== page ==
--Baker Mayfield got his wish. The former No. 1 overall pick of the Browns was traded. Only Mayfield didn’t initially want to go to Carolina, who acquired him for a conditional draft pick in 2024 or 2025.
The Browns are paying $10.5 million of Mayfield’s $18.8 million contract for next season, while the Panthers will pay $4.8 million and Mayfield will take a $3.5 million pay cut, which he can make back through incentives.
Carolina isn’t an attractive team, like say Seattle might have been, but Mayfield does have a chance at relaunching his career as his major competition for the starting quarterback job is Sam Darnold, who, unlike Miguel Cabrera, is chopped liver.
For Cleveland, with Deshaun Watson clearly missing a big part of the upcoming season, if not all of it, once the NFL issues its final ruling on his sexual assault allegations, it’s up to Jacoby Brissett.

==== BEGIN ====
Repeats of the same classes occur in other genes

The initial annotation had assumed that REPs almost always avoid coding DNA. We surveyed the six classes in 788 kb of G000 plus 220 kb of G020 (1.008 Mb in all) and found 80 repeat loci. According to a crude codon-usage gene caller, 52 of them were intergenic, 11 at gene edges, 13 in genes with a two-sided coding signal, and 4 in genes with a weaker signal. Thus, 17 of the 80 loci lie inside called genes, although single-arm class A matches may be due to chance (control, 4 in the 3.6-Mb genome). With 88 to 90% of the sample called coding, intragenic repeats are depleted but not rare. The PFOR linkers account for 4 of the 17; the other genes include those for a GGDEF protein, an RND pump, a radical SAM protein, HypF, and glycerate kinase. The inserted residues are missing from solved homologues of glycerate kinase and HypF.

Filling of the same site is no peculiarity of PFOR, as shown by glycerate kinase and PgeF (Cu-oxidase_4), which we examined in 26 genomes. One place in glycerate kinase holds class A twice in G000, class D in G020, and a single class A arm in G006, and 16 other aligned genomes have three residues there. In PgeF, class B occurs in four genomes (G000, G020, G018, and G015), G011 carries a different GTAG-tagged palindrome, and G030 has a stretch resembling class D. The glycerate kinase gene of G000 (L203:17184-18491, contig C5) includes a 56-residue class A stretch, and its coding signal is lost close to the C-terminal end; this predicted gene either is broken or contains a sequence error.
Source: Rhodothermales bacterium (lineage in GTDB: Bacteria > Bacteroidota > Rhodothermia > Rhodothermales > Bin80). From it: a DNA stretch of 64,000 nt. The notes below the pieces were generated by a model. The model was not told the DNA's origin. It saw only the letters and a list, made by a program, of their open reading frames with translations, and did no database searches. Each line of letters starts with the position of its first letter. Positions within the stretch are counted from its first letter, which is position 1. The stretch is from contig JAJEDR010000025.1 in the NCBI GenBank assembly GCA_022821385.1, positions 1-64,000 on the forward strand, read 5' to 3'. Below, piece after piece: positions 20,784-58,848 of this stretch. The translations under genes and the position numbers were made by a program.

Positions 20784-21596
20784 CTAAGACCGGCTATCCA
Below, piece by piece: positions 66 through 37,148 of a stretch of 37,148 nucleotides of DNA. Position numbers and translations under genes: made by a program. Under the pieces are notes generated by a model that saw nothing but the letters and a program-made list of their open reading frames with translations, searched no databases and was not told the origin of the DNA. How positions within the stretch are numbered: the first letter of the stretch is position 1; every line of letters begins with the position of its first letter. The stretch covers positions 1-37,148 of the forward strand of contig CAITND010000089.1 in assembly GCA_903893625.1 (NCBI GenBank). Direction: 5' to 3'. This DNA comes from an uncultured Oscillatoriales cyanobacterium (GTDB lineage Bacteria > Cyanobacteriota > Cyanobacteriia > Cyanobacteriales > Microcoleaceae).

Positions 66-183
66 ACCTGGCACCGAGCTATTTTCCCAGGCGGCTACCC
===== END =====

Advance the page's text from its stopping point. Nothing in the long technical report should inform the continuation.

I like Mayfield, hope he succeeds, though if Christian McCaffrey doesn’t stay healthy, the Panthers are headed towards 5-12, or worse.
Oh, and if Mayfield is named starter for the opener, it’s against…the Browns.
--The Montreal Canadians selected Slovakian-born winger Juraj Slafkovsky with the first pick of the 2022 NHL draft, a bit of a surprise, everyone thinking Montreal would select Shane Wright, who fell to No. 4 for Seattle.
So I just looked it up and Slafkovsky was born in Kosice, and that’s where my grandparents were from (on my mother’s side). Very cool. I’ll be rooting for the lad big time. And glad he’s on a high-profile team like the Canadiens, who desperately need help. As my brother and I were saying, Montreal is like the Yankees…the sport is more interesting when they are good (as much as some of us Mets and Rangers fans hate this fact).